3 Cash Flow Tips for Fintech Startups: How to Support Your Finance Team and Foster Growth

Small Business
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Startups of all stripes struggle with cash flow. Even fintech startups can fall into common financing traps such as overspending, lack of oversight, and poor support for their accounting team.

As it stands, up to 75% of venture-backed startups shut their doors within their first year. Negative cash flow issues are one of the top reasons these businesses fail.

To learn more about successful fintech startup cash flow management, we spoke with Thejo Kote, founder of Airbase, to understand how entrepreneurs can better manage cash flow. A serial entrepreneur, Thejo has successfully started, scaled, and sold companies, including Automatic, which was acquired by SiriusXM for $115M in 2016.

In this discussion (check out the video—it’s a great conversation about his experiences in the industry), Thejo offered up insights on cash flow that we’ve narrowed down to three major tips for fintech startups:

1. Prioritize Accounting as More Than Crunching Numbers

Businesses can’t do anything without capital. Unfortunately, it’s common for businesses to unintentionally handicap their accounting team. This can sabotage their business and result in inaccurate finance reports. Often, finance professionals are burdened with manual tasks, like data entry. Poor reporting or communication across departments can slow and confuse cash flow reporting.

“Unfortunately, finance and accounting teams tend to get pushed into a role of glorified data entry people during the first week of every month—largely because of a failure of the tools they are expected to use,” says Thejo.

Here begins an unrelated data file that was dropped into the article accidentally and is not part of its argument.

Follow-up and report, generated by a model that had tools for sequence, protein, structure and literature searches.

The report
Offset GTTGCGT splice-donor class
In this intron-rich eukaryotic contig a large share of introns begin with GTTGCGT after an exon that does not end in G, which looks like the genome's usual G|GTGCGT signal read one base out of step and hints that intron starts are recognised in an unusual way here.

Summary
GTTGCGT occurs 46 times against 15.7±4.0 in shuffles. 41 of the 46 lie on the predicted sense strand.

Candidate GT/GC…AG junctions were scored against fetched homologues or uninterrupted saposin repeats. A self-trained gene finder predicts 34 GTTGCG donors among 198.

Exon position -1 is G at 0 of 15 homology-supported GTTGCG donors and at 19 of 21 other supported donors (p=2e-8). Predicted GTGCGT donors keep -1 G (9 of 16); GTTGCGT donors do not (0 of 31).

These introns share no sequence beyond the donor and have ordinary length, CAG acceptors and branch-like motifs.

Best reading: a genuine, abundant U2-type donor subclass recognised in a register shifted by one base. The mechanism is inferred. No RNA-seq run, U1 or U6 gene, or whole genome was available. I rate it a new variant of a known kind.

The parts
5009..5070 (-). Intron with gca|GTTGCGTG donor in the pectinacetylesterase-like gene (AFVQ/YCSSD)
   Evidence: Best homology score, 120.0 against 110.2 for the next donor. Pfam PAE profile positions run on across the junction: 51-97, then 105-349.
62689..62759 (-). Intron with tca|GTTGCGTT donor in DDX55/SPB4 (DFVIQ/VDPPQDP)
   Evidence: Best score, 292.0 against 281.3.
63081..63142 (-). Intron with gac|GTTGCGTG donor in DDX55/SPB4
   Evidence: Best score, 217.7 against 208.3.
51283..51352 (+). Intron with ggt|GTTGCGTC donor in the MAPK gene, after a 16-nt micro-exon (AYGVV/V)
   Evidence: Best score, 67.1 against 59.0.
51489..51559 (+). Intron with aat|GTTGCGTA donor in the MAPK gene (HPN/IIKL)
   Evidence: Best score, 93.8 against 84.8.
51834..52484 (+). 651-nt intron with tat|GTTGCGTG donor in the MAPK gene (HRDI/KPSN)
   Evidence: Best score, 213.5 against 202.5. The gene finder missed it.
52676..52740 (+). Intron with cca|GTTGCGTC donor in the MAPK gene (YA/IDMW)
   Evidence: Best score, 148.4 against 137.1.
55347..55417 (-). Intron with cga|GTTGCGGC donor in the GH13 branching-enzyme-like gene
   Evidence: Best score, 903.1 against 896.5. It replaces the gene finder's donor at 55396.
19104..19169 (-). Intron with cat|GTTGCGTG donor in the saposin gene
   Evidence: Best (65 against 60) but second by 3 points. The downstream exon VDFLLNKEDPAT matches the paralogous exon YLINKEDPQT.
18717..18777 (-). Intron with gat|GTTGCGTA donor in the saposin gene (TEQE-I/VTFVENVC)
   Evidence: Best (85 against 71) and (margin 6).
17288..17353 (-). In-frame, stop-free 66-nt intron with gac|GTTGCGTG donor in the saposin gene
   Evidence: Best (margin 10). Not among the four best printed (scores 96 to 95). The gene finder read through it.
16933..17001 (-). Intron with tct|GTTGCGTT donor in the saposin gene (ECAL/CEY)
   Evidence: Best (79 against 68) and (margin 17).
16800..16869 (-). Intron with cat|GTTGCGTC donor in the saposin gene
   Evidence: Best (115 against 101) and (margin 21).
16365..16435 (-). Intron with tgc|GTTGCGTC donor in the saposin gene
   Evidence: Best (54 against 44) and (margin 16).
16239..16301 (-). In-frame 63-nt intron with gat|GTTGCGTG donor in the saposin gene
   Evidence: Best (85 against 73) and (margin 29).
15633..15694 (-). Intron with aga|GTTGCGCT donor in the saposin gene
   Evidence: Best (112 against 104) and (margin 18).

When this happens, your accounting team wastes time and energy on tasks that don’t further business objectives. And because they lack visibility about finances and how they relate to the company and department goals, cash flow projection becomes difficult, if not impossible.

In this kind of situation, it’s highly likely that your business is leaking money—but you don’t even realize it. This leaves less to spend for growth.

Give them access to tools that give them back time and allow them to forecast cash flow without hassle.

2. Increase Visibility for Startup Success

From the very beginning, it’s critical that startups lay the foundation for a solid and scalable accounting process. A part of this is determining rules around business expenses, budgets, and picking the right financial tools that allow for collaboration.

While Google Sheets may work for a small, budding business, it’s often not a good long-term strategy, especially if you’re scaling quickly. Not only do you need to manually update the sheet regularly, but it has limited project and reporting capabilities. Furthermore, it can get overloaded and confused quickly when multiple employees are working on the document.

When it comes to selecting the best cash flow management platform, you need to focus on a solution that provides usability, visibility, transparency, and collaboration.